# NLP - Word Embedding and Sequence Analysis

• Introduction
• Word2Vec
• Preliminary
• Projection Matrix
• Word Encoding
• Model Architecture and Training
• GloVe Model: Global Vectors for Word Representation
• Skip-Gram with Negative Sampling
• Sequence Analysis
• Deep Walk

### Introduction

One of the preliminary steps in many NLP works is to find a latent representation of words in the given vocabulary. This latent representation takes the form of a vector in $$\mathbb{R}^d$$ most of the time.

There are many methods to construct such latent representation in the literature. In this post, we will present the following three methods

• word2vec
• GloVe model
• Skip-Gram with Negative Sampling (SGNS)

In the last section, we will present a very interesting application of NLP techniques.

### Word2Vec

#### Preliminary

##### Projection Matrix

A projection matrix is used to project a vector from a higher dimension to a lower dimension. This can be expressed as matrix multiplication. In the neural network context, the projected vector is the next layer of the input.

For example, suppose our input has four dimensions which can be represented by a vector $$(x_1, x_2, x_3, x_4)$$. We can also think of an input layer of 4 nodes as illustrated in the figure below. Suppose the projection has 3 dimensions, which can be represented by a vector $$(y_1, y_2, y_3)$$ or a hidden layer of 3 nodes in a neural network. The weights in this super simple neural network are elements in the projection matrix. ##### Word Encoding

In the paper, the 1-of-V encoding is used. Let $$V$$ represent the whole vocabularies. Then a word can be represented by a vector with dimension $$|V|$$, where only one of the coordinates is 1 and all other coordinates are 0.

Suppose that vocabulary $$V$$ contains only 3 words: A, B, and C. We can then use the following representation:

$$\begin{eqnarray} A & = (1, 0, 0) \\ B & = (0, 1, 0) \\ C & = (0, 0, 1) \end{eqnarray}$$

#### Model Architecture and Training

Latent representation is a key concept in AutoEncoder as well. The idea is to train a neural network that can predict the input itself. By doing so, the neural network will learn the hidden structure of the inputs. The word2vec uses the same idea. Now the question is what to predict. There are many choices but two common practices are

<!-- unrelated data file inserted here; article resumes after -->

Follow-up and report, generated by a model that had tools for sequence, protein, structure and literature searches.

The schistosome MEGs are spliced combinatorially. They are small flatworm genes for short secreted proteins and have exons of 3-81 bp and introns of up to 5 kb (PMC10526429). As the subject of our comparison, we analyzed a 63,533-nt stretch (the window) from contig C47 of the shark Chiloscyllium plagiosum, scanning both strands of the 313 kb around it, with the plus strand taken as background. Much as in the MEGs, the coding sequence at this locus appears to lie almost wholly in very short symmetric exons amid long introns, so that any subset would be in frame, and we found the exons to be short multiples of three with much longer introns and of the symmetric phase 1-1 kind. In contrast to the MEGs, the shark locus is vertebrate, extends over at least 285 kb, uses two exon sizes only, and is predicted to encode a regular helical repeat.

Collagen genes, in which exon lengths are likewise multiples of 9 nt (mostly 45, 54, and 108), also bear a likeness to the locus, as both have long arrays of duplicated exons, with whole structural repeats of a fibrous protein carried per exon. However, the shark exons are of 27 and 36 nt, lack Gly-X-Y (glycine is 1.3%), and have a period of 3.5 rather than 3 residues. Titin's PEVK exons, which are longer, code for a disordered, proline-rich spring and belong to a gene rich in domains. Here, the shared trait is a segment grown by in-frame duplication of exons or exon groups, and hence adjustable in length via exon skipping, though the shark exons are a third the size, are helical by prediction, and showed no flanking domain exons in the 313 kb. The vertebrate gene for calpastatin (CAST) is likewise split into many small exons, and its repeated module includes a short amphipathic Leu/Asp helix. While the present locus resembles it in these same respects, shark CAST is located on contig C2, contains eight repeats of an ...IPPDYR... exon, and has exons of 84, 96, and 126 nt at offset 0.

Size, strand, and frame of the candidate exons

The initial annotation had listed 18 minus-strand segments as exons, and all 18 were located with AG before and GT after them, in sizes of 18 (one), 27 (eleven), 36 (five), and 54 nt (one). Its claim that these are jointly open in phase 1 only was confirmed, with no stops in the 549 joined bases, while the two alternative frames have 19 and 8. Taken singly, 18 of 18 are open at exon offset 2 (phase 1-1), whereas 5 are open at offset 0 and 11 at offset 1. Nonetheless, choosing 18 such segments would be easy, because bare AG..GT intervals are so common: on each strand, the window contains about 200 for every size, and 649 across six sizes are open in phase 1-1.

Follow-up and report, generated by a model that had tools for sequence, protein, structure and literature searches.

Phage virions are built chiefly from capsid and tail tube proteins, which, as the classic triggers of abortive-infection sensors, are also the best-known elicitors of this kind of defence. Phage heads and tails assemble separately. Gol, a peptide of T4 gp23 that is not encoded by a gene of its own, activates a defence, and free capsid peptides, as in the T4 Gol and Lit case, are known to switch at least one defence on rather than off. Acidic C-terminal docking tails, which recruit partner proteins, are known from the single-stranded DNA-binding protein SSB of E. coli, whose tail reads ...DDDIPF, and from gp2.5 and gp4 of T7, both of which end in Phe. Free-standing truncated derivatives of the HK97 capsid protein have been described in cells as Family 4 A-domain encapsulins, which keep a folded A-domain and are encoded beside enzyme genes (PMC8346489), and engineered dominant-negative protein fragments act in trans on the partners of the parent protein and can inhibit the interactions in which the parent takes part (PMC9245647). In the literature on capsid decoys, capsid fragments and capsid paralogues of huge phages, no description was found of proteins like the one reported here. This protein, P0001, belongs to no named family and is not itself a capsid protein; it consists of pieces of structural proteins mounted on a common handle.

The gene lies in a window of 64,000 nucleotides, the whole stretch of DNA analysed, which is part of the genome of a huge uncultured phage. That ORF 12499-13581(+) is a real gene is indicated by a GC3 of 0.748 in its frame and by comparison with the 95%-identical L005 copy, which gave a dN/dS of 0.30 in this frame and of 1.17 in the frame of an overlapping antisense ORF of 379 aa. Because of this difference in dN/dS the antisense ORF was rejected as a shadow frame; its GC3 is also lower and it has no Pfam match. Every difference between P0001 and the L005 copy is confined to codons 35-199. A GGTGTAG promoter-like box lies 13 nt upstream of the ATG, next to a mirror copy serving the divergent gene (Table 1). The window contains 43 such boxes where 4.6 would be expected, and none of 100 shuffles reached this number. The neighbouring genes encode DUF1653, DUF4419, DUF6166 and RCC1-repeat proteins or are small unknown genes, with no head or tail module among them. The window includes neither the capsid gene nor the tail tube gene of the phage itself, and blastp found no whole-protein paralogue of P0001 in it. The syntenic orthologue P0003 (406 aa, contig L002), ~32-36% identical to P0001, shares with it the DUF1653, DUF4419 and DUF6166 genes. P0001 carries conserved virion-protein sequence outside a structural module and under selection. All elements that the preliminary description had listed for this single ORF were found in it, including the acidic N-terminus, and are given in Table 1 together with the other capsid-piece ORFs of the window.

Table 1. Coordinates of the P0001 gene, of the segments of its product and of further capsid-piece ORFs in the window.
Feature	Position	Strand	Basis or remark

• given a context, try to predict the missing word (CBOW)
• given a work, try to predict the context (Skip-gram)

Context generally means the surrounding words. ### GloVe Model: Global Vectors for Word Representation

As we see in the previous section, word2vec is similar to autoencoder. The target is the probability of seeing a word in a given context.

Here is the idea. The latent representation of the words must satisfy some conditions that are specific to the data set. Then the question becomes how we can set the weights so that the conditions are best met.

Let $$X_{ij}$$ denote the number of times word $$j$$ occurs in the context of the word $$i$$. In the paper GloVe: Global Vectors for Word Representation, the author argues that we should have

$$w_{i}^{T}\tilde{w}_k + b_i + \tilde{b}_k = log(X_{ik})$$

Translating into an optimziation problem, we have

$$J = \sum_{i,j=1}^{V} f(X_{ij})(w_{i}^{T}\tilde{w}_j + b_i + \tilde{b}_j - log(X_{ij}))^2$$
$$\begin{eqnarray} f(x) = \begin{cases} (x/x_{max})^{\alpha} & \textrm{if}\; x < x_{max} \\ 1 & \textrm{otherwise} \end{cases} \end{eqnarray}$$

### Skip-Gram with Negative Sampling

This section is copied directly from the paper Neural Word Embedding as Implicit Matrix Factorization.  ### Sequence Analysis

For many NLP models, the only input it requires is a corpus. Corpus is a collection of documents, which consists of sentences and which in turn consists of words. There is nothing special about words. They are just labels/tokens. NLP techniques do not require any concept of a language. To some extent, they are sequence analysis techniques. What really matters are

• labels/tokens
• sequences of labels/tokens
• collection of sequences

This is one of the reasons why NLP has broad applications. Genes are sequences of DNA; logs are sequences of events. There is no fundamental difference between genes (or logs) and languages. In the next subsection, we will present a very interesting application of NLP: it can be used to learn a latent representation of vertices in a graph.

#### Deep Walk

Deep Walk is an interesting application of NLP techniques. The objective is to learn a latent representation of nodes in a network. Intuitively, this latent representation should be closely related to the structure of the network. So the question is how to capture this information. The idea is genius: in order to capture the local structure of the node in a network, we can generate random walks starting from that work. In this case, the random walk is a sequence of visited nodes and we can apply NLP techniques to these sequences. ----- END -----